The Opening of the Brooklyn Museum’s New Alicia Keys and Swizz Beatz Exhibit Was a Who’s Who of Black Art

Alicia Keys and Swizz Beatz, the music industry power couple who have become prolific art collectors, have been known to host private get togethers that bridge their creative fields with those of their celebrity friends and the artists whose work they collect. It made sense on Tuesday night that a reception for the first major museum exhibition of art from their enviable collection worked as the culmination of those soirées on a giant scale.

Opening night of Giants: Art from the Dean Collection of Swizz Beatz and Alicia Keys was, in other words, a who’s who of the Black art world.

Tina Knowles, a long-time champion of the Black art community, mingled alongside Tracee Ellis Ross and Lil DurkThelma Golden could be seen having a laugh with Kehinde WileyLil Baby was escorted into the exhibition space and immediately stopped in his tracks to gaze upon a three-piece work by Titus Kaphar. Queen Latifah admired Ebony G. Patterson’s interpretation of a child’s toy-filled bedroom, a crowd of fans quickly surrounded her to take photos. Exhibit artists Nick Cave, Mickalene Thomas, Amy Sherald, and Jordan Casteel were spotted in conversation amongst the crowd. Fabolous dashed in later in the evening showing his support for the Deans, his long time friends.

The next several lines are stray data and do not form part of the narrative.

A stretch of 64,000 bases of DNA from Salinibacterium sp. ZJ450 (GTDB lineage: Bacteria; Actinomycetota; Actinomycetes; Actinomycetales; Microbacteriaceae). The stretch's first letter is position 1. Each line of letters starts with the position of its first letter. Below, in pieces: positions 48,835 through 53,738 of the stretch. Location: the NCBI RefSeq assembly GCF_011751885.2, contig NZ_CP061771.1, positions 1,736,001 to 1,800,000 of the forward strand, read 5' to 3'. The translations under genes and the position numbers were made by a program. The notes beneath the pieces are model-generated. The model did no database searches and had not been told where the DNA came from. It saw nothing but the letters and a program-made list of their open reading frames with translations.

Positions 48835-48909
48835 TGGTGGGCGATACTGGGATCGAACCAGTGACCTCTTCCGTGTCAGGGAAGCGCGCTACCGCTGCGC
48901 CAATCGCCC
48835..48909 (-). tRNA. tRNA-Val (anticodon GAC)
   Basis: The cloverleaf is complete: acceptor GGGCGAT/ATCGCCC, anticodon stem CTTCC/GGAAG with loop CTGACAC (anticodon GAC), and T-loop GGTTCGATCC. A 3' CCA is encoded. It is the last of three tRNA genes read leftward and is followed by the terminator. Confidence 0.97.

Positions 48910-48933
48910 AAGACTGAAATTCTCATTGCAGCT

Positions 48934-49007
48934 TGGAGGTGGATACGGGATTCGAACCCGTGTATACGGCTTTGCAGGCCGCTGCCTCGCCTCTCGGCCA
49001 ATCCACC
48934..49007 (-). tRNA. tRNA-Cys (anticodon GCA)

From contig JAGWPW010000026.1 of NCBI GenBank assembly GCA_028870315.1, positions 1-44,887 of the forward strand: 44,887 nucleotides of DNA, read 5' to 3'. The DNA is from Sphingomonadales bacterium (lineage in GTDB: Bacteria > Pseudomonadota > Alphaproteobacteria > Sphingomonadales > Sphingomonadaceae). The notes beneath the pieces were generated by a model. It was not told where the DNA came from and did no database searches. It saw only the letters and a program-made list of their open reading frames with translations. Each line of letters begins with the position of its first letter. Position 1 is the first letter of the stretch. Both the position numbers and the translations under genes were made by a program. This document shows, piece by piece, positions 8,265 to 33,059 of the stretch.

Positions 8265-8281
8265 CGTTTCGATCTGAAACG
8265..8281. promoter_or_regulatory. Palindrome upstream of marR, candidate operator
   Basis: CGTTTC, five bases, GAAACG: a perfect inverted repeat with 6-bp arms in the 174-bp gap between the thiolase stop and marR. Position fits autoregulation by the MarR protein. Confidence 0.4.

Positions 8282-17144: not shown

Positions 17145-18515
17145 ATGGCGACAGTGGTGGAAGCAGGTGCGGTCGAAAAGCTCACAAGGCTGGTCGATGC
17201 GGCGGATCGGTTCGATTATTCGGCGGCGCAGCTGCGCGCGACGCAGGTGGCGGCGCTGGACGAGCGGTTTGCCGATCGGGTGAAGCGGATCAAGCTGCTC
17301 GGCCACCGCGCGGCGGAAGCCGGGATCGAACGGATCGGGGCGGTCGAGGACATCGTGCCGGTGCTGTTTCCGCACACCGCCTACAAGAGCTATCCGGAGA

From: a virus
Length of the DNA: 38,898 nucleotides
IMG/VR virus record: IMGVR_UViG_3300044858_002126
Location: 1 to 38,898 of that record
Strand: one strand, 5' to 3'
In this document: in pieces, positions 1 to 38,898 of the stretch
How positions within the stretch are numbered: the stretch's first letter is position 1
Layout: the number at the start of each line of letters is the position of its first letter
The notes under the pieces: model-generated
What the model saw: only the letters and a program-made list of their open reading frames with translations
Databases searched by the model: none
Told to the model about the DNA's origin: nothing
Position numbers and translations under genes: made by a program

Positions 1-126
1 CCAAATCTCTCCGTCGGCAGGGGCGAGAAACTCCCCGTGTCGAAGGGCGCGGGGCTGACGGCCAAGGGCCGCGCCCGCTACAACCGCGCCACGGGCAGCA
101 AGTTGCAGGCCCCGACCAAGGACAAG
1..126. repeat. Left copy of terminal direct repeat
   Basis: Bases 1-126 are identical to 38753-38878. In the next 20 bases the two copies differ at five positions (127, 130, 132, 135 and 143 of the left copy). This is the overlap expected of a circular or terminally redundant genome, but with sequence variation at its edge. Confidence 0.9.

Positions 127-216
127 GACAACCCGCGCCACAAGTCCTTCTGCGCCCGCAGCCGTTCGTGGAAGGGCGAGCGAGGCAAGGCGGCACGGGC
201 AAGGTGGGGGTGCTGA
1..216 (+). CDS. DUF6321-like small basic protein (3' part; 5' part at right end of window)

The night began with opening remarks by both Brooklyn Museum director Anne Pasternak and Keys and Beatz, who spoke of artists’ duty to champion other artists (her) and the principle of custodianship, as opposed to ownership, that comes with art collecting (him). After curator Kimberli Gant did her best to sum up the monumental nature of the exhibit, and her hopes for its impact among other collectors of Black art, many of its featured artists joined Keys and Beats for a private tour of the works.

Throughout the evening, partygoers made a stop at a pop-up portrait studio in the lobby of the museum helmed by Jamel Shabazz, who has several large prints of his photographs in the show and is known for capturing street style  of the hip-hop community from its inception.  

As the night wrapped up, the Deans left with a glow and big smiles on their faces. No better kick off to Black History Month than with a joyous celebration of Black art. 

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